Google Play Billing Library on Android: That time I had to add payments to the app

Danilo Arcadipane
7 min readDec 7, 2020


How many times, during the development of an app, have you found yourself faced with the thousands of articles, links and questions on stackoverflow, regarding Billing?
How many times have you had to deploy the app to find out if everything was correct or if everything worked correctly?
How many times have you said “enough, I will not pay, the guides are all crap!”?
Me many times, but I hope not to be included in one of those mentioned above :-).

The biggest problem is not implementing the payment method, but understanding what to do step by step to make sure everything works correctly.

What I will try to do in this article will be to enclose in a single document the steps to follow in order to add a payment method within your app, using Android Studio as the IDE and Kotlin as the programming language.
Another key point is the following:
I will focus in particular on consumables and how to “consume” them. Well then, we agree. Let’s begin.

Step 1: Create A Google Play Developer Account

In order to implement payments in the app, we will first need to create a Google Play developer account.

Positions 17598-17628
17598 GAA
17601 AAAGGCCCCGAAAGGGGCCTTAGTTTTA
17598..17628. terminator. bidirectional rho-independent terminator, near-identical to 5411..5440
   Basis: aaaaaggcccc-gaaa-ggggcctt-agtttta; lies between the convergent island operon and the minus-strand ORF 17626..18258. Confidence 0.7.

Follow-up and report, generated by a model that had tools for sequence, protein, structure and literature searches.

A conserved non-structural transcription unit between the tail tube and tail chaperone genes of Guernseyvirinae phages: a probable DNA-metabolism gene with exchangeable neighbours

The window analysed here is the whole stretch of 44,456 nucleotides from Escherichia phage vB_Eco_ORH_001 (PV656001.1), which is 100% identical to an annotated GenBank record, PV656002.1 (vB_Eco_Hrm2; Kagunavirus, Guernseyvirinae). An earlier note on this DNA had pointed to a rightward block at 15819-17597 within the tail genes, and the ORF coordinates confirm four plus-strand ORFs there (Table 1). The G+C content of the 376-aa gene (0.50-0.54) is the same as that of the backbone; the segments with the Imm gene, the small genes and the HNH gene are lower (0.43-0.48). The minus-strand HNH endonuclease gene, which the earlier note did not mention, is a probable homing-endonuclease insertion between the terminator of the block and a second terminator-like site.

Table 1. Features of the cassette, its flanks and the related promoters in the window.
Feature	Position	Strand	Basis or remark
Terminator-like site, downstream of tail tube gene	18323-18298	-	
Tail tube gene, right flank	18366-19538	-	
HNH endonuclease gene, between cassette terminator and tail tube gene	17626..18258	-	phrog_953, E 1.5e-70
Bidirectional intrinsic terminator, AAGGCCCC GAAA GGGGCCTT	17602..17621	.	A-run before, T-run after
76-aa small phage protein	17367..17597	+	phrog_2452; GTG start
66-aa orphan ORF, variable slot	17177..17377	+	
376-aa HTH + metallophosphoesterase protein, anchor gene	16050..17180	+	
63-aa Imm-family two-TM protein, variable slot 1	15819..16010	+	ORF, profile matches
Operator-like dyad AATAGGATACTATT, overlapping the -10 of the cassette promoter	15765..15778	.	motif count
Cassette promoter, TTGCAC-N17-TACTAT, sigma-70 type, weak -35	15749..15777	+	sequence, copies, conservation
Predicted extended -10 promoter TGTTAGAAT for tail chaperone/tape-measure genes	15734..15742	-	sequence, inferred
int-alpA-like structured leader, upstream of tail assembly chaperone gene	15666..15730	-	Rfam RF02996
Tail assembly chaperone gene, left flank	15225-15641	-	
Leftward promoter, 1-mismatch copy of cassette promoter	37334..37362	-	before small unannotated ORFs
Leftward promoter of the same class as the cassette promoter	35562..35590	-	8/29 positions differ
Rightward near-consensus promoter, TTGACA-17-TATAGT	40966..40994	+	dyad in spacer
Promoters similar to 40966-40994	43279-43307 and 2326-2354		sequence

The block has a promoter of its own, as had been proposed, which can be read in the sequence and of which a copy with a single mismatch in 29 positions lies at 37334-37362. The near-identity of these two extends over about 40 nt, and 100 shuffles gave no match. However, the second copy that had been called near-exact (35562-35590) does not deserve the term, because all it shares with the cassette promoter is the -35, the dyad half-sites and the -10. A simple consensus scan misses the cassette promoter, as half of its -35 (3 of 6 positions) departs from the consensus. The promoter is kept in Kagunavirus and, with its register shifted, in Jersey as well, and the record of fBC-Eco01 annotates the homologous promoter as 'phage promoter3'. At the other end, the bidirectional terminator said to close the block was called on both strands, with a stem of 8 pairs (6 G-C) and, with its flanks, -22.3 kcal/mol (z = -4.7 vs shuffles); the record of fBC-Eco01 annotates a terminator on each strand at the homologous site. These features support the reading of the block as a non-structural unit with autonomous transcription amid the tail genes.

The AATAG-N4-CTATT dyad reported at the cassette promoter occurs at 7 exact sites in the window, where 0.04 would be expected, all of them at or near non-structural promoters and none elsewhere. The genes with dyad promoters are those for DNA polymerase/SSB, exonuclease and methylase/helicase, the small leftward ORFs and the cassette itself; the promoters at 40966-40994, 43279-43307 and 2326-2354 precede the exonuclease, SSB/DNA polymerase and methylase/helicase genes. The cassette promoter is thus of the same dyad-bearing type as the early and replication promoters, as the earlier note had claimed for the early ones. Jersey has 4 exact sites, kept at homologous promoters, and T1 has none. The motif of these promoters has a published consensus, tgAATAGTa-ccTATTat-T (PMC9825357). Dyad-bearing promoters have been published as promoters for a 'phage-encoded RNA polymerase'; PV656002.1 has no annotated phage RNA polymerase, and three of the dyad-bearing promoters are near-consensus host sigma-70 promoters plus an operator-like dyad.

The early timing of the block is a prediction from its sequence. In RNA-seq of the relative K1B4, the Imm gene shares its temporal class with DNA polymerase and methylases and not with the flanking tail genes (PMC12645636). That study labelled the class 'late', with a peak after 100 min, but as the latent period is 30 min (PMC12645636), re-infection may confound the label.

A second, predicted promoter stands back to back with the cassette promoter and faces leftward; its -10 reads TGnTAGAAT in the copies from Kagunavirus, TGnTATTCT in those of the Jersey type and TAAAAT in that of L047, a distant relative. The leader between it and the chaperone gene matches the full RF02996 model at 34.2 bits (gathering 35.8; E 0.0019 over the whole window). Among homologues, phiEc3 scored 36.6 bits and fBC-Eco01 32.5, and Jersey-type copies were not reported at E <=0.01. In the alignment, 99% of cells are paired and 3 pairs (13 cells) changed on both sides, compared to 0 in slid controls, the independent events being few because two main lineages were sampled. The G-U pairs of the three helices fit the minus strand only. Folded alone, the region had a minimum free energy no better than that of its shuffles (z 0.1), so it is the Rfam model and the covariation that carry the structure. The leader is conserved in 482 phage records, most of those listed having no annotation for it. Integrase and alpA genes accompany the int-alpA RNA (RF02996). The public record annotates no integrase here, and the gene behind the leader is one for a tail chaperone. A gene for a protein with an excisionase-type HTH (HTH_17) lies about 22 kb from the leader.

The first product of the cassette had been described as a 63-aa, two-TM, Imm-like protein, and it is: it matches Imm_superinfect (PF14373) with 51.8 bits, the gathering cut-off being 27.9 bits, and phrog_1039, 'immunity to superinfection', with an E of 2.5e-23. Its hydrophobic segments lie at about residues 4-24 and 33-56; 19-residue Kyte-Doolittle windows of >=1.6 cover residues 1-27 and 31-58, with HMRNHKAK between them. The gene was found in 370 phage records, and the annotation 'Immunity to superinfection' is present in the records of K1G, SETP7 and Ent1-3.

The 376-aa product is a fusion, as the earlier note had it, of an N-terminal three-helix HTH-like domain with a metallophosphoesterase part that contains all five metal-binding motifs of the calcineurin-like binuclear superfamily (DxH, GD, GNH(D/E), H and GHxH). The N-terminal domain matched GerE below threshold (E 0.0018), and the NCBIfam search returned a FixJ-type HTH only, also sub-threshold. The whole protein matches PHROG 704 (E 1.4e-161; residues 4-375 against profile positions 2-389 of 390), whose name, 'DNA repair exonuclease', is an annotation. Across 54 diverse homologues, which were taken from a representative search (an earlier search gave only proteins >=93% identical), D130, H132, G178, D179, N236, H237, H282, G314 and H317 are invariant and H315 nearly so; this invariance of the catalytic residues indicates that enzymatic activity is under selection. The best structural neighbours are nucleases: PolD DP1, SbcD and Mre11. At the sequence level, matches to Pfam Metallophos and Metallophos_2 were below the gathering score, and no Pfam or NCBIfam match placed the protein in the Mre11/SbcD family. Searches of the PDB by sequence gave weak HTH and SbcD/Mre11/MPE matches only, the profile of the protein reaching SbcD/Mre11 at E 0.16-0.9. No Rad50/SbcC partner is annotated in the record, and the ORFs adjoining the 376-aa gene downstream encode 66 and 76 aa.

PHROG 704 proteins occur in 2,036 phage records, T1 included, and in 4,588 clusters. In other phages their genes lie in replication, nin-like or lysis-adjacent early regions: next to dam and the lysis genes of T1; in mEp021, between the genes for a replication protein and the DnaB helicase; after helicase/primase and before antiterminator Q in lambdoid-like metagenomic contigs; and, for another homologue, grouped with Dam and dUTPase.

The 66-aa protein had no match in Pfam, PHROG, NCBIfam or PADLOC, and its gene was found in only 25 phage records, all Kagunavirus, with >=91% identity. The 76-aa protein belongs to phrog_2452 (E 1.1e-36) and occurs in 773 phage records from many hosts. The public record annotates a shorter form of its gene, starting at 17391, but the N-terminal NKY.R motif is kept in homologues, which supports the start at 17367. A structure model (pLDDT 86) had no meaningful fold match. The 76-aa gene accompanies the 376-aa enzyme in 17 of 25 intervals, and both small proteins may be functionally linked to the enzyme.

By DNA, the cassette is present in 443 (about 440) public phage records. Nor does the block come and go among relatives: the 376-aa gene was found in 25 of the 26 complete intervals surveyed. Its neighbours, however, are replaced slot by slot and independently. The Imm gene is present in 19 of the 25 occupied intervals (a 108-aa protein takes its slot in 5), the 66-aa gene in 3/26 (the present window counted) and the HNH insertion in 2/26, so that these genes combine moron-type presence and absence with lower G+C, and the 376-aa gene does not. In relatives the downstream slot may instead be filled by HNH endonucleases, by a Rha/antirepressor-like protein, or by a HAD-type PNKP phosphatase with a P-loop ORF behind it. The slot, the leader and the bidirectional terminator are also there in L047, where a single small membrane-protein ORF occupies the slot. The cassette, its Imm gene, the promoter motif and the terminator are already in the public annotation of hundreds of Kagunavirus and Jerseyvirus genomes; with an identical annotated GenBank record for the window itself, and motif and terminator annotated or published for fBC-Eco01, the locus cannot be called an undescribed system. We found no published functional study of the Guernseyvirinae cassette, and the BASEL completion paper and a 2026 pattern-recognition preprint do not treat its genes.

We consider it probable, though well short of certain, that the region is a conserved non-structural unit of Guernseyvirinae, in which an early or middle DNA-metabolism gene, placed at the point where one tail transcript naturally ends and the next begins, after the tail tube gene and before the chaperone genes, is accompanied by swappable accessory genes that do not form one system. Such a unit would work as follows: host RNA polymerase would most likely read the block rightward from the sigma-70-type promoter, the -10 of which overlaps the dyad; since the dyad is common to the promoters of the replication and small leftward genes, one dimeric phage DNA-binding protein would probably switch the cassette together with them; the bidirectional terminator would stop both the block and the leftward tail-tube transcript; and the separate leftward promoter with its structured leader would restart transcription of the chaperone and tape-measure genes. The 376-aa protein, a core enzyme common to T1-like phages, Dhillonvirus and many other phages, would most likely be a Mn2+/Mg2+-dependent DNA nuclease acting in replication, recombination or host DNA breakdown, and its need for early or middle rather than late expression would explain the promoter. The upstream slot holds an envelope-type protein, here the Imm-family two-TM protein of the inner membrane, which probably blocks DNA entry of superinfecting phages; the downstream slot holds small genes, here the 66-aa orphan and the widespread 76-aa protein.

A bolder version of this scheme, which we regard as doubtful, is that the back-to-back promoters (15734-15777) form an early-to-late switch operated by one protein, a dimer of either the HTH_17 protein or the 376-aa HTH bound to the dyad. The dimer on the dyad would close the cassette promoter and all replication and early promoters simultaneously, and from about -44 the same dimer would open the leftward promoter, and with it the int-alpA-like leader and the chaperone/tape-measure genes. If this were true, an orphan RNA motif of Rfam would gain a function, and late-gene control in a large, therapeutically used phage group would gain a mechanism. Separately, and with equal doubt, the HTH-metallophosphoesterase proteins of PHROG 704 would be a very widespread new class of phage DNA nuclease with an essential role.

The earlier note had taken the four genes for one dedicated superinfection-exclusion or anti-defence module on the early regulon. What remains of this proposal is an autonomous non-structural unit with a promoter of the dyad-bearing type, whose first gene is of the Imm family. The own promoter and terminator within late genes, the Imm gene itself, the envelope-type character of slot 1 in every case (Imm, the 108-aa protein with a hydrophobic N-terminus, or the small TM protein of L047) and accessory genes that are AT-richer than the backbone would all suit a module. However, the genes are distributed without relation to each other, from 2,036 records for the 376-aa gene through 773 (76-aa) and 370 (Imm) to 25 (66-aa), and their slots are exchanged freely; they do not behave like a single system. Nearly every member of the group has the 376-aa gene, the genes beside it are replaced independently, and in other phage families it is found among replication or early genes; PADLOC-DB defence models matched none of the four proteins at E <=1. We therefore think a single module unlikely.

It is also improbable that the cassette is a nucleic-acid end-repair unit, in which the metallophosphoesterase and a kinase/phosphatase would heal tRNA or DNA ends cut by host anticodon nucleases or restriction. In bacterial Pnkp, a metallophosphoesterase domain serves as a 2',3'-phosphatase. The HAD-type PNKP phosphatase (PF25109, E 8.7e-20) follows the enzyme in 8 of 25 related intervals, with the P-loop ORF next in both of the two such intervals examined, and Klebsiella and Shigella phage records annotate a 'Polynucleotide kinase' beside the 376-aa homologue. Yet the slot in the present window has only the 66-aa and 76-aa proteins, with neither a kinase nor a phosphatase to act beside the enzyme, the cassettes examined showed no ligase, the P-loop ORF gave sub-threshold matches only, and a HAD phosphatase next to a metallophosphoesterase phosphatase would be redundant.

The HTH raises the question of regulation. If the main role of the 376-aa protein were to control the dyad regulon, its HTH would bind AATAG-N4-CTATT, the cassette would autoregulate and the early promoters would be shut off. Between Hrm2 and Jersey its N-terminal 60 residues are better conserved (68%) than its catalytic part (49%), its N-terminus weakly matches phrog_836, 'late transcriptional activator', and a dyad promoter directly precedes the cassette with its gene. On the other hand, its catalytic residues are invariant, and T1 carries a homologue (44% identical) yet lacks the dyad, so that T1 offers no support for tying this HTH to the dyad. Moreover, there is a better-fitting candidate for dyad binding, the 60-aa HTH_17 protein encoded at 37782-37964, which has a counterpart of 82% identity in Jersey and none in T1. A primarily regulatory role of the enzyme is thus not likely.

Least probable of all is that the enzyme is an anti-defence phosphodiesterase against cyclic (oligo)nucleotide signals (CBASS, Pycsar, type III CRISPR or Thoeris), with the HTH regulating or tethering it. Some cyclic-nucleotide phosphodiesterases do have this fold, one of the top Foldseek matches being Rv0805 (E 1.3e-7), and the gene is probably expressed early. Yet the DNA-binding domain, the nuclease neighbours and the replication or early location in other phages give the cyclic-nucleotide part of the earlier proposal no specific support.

Note: by the time of speaking Google Play charges a $25 one-time developer fee.

  1. Go to
  2. Click Create an Account.

3. Fill out the form then click Next Step.

4. Click Back to Google Play Developer Console.

5. Select the Google Play Developer distribution agreement check-box to acknowledge your agreement, and click Continue to payment to pay the one-time $25 fee.

6. Enter your payment information, and click Accept and continue.

7. You will receive an email from Google notifying you when your account is ready to be activated.
Note: This process can take up top a week.

8. Activate your account.

Congratulations, you can now submit your app to the Google Play store. Enjoy!!! :-)

Step 2: User Permission

We create the app we want to publish from Android Studio. It doesn’t matter what our app looks like, we’ll think about that later.
The most important thing now is to activate in-app purchases on the Android Studio side and publish the app from the Google Play Console, before proceeding.

Then open your Manifest and add the following line:

<uses-permission android:name="" />

Step 3: Create and publish an App in the Google Play Developer Console

Go back to the Google Play Console to be able to publish it in the store. On this point, creating an app is really very intuitive.

But before starting two small notes:

Step 4: Add your personal in-app products

Once the app has been published with the billing permissions inside the bundle/apk we will see the “products” section active where it will be possible to set the price of the app (if we want our app to be paid), the in-app products and subscriptions.
In this guide I will focus on the second, the in-app product.

To enable in-app product for your app, do the following:

  1. Open the Google Play Console.
  2. Select your app.
  3. Go to Products > In-app product.